When it comes to the aerodynamics, every millimetre counts
The technical DTM regulations comprise some 200 pages and 23 paragraphs. The biggest chapter of these regulations deal with the aerodynamics and is packed with specifications defining minimum and maximum dimensions. There’s nearly nothing as complex and as difficult to describe as the three-dimensional body parts that are touched by the head wind and more difficult to describe. At the same time, the wind streaming around the car is a fundamental performance factor. After all, it’s about reducing the drag and the contact surface to the max while using the air streaming around the car for generating maximum downforce at the same time. Consequently, it won’t come as a surprise that the engineers try to use even the last fraction of a millimetre of the maxim body dimensions defined by the regulations.
The forces generated by the aerodynamics are illustrated by the fact that the downforce produced by a DTM car driving at 260kph would be that massive that it would enable it to easily race on a ceiling. But even some 120 years after the invention of the automobile, the secrets of the air haven’t been explored completely. Therefore, the aerodynamicists would love to spend 365 days a year in the wind tunnel to use every imaginable trick for searching for the ideal shape for the allowed add-on parts. In this area, every single millimetre counts as even the slightest area possibly can make a huge impact on the performance of a car. At the DTM cars’ rear wing, for instance, you will find an edge that is standing – depending on the profile’s adjustment angle – upright or bent slightly to the front. That’s the so-called Gurney Flap. If you believe the drivers, their cars would be undriveable without this component.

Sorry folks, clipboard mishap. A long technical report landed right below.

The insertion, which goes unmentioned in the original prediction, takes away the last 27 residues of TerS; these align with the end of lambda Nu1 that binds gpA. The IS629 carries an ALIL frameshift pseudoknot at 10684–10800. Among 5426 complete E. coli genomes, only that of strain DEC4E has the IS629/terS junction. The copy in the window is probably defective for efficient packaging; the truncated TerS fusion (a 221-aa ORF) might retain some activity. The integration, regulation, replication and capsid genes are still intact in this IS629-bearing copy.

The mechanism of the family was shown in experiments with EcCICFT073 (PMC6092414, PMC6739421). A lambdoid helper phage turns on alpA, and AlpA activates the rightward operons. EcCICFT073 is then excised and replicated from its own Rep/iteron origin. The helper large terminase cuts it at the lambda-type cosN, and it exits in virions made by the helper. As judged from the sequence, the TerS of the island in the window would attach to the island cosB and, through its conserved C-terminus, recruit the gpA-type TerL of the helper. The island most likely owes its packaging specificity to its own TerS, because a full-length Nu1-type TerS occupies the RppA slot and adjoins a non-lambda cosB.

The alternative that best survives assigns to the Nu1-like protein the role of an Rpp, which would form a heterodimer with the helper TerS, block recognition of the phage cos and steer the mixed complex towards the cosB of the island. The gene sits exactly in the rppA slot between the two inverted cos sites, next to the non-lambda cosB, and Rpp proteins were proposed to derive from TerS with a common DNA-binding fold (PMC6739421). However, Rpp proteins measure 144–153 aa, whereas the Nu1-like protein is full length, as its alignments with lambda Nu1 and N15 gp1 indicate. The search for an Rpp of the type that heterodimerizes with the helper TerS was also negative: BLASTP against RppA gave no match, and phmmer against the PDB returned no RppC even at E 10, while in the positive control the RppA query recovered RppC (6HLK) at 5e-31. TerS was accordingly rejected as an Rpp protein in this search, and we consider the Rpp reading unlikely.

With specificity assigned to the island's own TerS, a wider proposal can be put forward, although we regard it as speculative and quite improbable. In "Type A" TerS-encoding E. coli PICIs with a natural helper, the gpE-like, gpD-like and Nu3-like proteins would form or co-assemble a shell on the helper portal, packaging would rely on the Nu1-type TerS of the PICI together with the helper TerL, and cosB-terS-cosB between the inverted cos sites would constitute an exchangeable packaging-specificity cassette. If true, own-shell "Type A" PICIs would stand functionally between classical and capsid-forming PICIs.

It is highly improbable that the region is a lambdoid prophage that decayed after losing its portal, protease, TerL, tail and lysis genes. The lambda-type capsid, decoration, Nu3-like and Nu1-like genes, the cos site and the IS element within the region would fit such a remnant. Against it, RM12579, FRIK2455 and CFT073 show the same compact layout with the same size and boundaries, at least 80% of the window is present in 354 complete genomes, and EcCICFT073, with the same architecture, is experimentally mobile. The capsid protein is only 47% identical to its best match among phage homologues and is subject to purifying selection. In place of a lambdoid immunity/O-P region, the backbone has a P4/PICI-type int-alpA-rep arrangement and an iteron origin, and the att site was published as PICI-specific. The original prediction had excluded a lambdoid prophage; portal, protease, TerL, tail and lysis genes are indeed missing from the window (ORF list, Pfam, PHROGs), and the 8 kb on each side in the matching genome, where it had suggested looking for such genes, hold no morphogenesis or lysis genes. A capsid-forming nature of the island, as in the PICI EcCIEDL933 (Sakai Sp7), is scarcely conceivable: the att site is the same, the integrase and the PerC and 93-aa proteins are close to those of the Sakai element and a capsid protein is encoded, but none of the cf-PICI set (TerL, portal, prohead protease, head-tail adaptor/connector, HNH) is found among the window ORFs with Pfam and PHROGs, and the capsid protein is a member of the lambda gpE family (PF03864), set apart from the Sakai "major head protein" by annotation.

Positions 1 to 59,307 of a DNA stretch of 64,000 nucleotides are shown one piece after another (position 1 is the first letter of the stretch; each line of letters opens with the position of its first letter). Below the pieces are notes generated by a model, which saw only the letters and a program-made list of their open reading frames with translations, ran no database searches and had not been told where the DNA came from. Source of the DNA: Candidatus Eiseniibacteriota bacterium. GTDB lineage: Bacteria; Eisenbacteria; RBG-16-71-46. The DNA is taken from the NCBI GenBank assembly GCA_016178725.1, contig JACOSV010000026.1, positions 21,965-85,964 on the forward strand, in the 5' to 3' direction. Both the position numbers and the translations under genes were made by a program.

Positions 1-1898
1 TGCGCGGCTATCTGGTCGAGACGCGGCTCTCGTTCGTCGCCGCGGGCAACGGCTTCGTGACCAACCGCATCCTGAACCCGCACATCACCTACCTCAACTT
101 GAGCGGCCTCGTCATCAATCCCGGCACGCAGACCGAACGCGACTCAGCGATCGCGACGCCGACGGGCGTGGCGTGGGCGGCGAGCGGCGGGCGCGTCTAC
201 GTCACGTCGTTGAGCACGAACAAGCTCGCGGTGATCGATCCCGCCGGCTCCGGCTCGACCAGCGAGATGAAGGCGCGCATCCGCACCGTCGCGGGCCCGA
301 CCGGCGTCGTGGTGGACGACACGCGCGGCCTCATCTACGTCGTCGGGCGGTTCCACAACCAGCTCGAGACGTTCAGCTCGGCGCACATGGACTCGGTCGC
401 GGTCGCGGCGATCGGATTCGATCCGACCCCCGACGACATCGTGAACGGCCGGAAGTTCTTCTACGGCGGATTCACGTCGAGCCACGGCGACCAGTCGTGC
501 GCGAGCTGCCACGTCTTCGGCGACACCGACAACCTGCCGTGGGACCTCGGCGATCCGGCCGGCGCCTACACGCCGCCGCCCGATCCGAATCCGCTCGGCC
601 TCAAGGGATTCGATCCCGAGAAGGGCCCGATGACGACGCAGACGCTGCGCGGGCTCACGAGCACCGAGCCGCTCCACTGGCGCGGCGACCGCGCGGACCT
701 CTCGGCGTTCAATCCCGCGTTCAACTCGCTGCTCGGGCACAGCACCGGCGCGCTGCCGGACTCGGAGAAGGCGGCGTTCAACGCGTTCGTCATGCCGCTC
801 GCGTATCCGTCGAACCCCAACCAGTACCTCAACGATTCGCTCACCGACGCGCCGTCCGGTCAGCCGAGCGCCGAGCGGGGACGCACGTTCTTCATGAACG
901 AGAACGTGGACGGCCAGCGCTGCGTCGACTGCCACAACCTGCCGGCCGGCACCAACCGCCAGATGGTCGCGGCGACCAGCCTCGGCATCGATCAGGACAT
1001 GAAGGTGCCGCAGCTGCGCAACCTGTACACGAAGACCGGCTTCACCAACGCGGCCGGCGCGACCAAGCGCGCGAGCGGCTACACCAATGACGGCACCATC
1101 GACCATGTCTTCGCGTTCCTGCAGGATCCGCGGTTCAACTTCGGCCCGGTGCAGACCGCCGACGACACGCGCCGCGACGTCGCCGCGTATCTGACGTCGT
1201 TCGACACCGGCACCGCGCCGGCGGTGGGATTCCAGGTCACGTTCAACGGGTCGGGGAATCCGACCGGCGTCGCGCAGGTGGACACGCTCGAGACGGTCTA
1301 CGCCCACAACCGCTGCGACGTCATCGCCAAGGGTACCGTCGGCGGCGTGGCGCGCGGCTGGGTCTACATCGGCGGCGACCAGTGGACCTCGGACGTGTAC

But those responsible have to be extremely careful while designing their components as DMSB (the German Motor Racing Association) and Dekra closely check if the stipulated dimensions are met – particularly after a race. And therefore, those who moved too close to the stipulated limits run the risk of getting disqualified, after having crossed the finish line.
But although this is easy to read, realising it is extremely elaborate and cost-intensive at the same time. Only if the moulds for the body components made of compound materials have been manufactured absolutely precisely, the teams can be sure that the components produced meet the stipulated tolerances. And attaching the parts correctly to the cars is just as important. After all, the dimensions only are controlled when the parts are mounted on the car.
For quite a while, now, the constructors have moved that close to the limits of what is allowed and what isn’t, with their designs, that checking the parts with the naked eye or classical measuring tools is just impossible. Therefore, highly precise measuring arms are used to day – that are operated by trained engineers. But although they can rely on these devices, a scrutineer arguably would need several days if he wanted to check all the dimensions defined on the 69 pages of the DTM aero regulations.